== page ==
You may be proud of how hard you work and how much work you accomplish. I know I am. But I also know there’s a limit. You and I can’t keep on working, day and night, five-six-seven days a week forever. Eventually, the body will say “enough is enough.”
That’s why I tell my clients, “If you can’t find time for recreation, sooner or later your body will make time for illness.”
Years ago people used to say, “All work and no play make a person dull.” Today, it’s probably more accurate to say that “all work and no play make a person dead.” In fact, Japan has a special government program to compensate widows and widowers whose spouses literally work themselves to death.
Unfortunately, it’s not easy to find time for recreation. We’re all so busy these days. There’s more work than ever and fewer people to do it. And, to make it even more difficult, companies tend to reward people whose lives are totally out of balance. They’re given more respect and bigger paychecks.
So what should you do if you’re feeling overwhelmed, stressed out, burned out, or off balance?
1. REALIZE YOU’LL NEVER BE FINISHED, AND THAT’S OKAY.
No matter how hard you work, you’ll never get it all done. Even on the day you die, there’ll still be a few things in your in-box you didn’t get to.
Perhaps you were raised like I was. My father always said “First you work, and then you play. Get all your work done, and then you can relax.” While that was fairly good advice years ago, it’s ineffective advice today. You and I will never be done and we must realize that’s okay. It really is.
2. SCHEDULE SOME RECREATION.
It sounds strange to put some free time or fun time on your calendar, but I’ve learned if it’s not on the calendar, it doesn’t happen. So plan some time and then take some time for “re-creation” before you end up with “wreck-reation“.
This week put an hour of recreation on your calendar. Schedule an activity that you will do just for the health of it. The only criterion you must follow is that whatever you choose, it must be something that will make you feel re-created or re-energized afterwards.
You should also consider scheduling my program on “Take This Job and Love It! Keeping Your Balance in a Stressed-Out World” for one of your upcoming meetings. To read more about the program, click here.
Of course, some of you will think it’s irresponsible to schedule some recreation. That somehow fun and business profitability are incompatible. Well, then you need to …
3. REALIZE THAT FUN AND PROFITS GO TOGETHER.
As I listen to audiences across the country, the second most frequent complaint I hear is that “the fun is gone.” It’s not like it used to be. There’s more work than ever and fewer people to do it. Stress is up and loyalty is down.
Unfortunately, many managers are guilty of killing fun in the work environment. They say things like, “OK, we’ve had enough fun around here. It’s time to get back to work.” They have the misguided notion that somehow fun and work are incompatible.
Not at all! Fun, profit, and excellence go hand in hand. Robert Townsend, one of the more respected business writers of the 20th century says:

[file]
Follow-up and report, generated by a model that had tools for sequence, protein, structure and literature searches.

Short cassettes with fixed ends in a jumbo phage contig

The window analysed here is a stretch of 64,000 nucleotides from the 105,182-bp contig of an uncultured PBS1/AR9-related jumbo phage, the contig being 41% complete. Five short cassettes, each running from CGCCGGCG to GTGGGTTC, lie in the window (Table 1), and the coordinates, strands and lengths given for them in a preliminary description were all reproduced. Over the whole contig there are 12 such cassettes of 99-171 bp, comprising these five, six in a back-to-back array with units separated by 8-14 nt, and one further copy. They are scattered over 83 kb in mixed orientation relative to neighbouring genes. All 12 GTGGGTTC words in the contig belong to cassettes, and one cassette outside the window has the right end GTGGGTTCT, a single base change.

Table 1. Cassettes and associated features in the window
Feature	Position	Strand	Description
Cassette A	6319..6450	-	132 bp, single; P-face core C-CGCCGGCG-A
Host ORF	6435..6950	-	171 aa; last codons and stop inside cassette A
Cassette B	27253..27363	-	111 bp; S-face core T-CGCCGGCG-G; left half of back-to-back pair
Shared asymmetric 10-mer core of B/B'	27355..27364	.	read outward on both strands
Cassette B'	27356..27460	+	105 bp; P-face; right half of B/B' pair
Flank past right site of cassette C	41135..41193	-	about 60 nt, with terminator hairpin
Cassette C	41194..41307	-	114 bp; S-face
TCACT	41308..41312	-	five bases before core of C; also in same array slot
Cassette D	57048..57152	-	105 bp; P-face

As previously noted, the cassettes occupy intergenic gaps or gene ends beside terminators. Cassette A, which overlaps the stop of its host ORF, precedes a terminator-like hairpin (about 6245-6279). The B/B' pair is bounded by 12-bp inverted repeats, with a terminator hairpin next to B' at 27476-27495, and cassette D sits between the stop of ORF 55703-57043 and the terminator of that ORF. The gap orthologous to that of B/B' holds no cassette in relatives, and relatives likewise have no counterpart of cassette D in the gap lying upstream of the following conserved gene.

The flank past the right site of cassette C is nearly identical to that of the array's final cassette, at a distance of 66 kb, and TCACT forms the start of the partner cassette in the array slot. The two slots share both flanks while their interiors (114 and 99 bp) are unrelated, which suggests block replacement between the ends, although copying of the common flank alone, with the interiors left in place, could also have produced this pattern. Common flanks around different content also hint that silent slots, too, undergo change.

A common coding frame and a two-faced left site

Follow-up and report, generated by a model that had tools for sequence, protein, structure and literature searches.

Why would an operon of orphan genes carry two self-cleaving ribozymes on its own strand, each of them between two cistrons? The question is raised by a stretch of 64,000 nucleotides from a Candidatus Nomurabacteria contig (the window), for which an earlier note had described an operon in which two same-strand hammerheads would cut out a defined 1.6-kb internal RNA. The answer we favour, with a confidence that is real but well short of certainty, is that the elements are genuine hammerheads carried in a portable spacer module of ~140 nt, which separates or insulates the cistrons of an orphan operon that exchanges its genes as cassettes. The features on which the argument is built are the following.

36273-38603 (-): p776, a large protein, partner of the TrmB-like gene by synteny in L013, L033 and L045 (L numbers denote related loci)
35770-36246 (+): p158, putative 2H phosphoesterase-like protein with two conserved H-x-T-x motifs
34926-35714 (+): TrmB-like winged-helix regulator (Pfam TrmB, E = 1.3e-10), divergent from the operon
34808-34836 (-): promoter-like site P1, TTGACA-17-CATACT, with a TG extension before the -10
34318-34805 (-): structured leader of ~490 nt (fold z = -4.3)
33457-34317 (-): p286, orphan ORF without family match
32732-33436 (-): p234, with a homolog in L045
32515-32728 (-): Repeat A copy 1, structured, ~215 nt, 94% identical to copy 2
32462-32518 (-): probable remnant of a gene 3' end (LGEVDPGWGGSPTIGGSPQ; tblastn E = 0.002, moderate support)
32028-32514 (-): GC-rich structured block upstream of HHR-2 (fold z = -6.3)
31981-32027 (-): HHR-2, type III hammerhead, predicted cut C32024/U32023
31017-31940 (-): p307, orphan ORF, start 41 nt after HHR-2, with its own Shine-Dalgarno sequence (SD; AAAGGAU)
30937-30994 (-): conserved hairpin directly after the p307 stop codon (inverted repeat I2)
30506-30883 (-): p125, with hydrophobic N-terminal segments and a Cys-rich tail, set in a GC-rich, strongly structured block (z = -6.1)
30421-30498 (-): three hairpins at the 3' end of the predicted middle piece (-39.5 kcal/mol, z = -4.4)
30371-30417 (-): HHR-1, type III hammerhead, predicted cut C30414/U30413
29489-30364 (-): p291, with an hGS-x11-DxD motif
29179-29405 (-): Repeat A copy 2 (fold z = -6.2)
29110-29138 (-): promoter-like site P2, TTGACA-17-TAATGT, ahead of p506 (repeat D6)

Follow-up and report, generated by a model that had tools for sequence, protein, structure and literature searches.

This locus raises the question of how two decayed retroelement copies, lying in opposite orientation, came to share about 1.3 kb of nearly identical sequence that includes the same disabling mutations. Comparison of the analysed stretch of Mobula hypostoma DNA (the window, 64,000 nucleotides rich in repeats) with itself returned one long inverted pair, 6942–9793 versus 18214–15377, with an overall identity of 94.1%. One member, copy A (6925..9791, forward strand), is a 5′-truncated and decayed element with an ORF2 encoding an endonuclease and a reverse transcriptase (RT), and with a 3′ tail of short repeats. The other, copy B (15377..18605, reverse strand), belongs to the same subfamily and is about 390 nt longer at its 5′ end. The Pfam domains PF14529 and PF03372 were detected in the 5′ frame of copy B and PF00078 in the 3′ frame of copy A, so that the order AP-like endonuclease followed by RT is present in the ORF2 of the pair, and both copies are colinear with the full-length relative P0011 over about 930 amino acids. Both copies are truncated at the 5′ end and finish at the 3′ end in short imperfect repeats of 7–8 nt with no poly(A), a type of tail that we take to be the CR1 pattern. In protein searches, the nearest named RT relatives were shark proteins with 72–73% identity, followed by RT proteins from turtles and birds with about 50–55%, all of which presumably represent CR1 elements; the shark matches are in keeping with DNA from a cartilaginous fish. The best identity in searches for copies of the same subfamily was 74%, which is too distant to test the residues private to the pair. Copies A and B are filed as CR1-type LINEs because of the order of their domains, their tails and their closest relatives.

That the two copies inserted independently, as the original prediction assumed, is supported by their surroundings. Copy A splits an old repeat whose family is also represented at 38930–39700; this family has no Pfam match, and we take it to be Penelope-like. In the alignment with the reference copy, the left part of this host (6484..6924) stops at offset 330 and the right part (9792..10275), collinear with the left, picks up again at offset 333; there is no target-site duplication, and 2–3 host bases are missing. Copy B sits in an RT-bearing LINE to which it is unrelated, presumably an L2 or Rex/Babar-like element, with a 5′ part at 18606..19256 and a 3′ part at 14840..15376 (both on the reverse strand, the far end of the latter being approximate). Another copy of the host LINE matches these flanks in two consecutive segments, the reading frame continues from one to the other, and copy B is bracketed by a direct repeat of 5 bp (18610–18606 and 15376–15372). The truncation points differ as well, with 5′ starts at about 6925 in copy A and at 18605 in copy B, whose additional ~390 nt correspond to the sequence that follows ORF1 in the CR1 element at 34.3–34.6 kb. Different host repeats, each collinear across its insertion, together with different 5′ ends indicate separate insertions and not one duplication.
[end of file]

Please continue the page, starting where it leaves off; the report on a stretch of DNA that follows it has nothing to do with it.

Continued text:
“If you don’t do it excellently, don’t do it at all. Because if it’s not excellent, it won’t be profitable or fun, and if you’re not in business for fun or profit, what the heck are you doing there?”
One of the best examples may be Herb Kelleher, CEO of Southwest Airlines. For years, he ran the most consistently profitable airline in the United States. Even though he had great people skills, and a nose for cutting costs, he was known for his consistent focus on fun. Fortune magazine even named him “America’s best CEO,” noting his contagious, outrageous sense of humor. Kelleher appeared at corporate headquarters dressed as Elvis and on planes as the Easter Bunny.
What’s the point? His focus on fun showed up in the Southwest employees. Flight attendants have been known to organize trivia contests or seated passenger relay races. Attendants have delivered instructions in rap, hidden in overhead baggage compartments, and shared numerous anecdotes.
I remember one Southwest Airlines flight where the attendant showed wonderful creativity. Typically no one listens to the attendant give safety announcements, but this one attendant really got our attention. She said, “There may be fifty ways to leave your lover, but only two ways to leave this plane. If you’re smart, you’ll get out your safety instruction card and follow along as I explain.” All of us took out our cards and followed along.
On another flight, the attendant asked if we had heard about Freedom Air, the airline just for smokers. He said on that airline the attendants don’t bother with safety lectures since no one on board seems that concerned about dying. We all laughed, but then we were all ready to listen to the safety lecture that applied to Southwest Airlines.
Does this spirit of fun get in the way of efficiency and profits? Just the opposite. Kelleher and Southwest Airlines demonstrated that a sense of humor helps create a culture of excellence. In fact, Southwest employees are the most loyal in the industry, and the company itself continues to grow larger and more profitable each year.
4. REFUSE TO BE PROUD OF YOUR BUSYNESS.
As Lee Iacocca said, “Over the years, I’ve had many executives come to me and say with pride: ‘Boy, last year I worked so hard that I didn’t take any vacation.’ It’s nothing to be proud of. I always feel like responding: ‘You dummy. You mean to tell me that you can take responsibility for an $80 million project and you can’t plan two weeks out of the year to go off with your family and have some fun’?”
As I tell my coaching clients, “If you aren’t having fun in your work, fix the problem before it gets serious. And if you don’t fix it, go away before you spoil the fun for the rest of us.”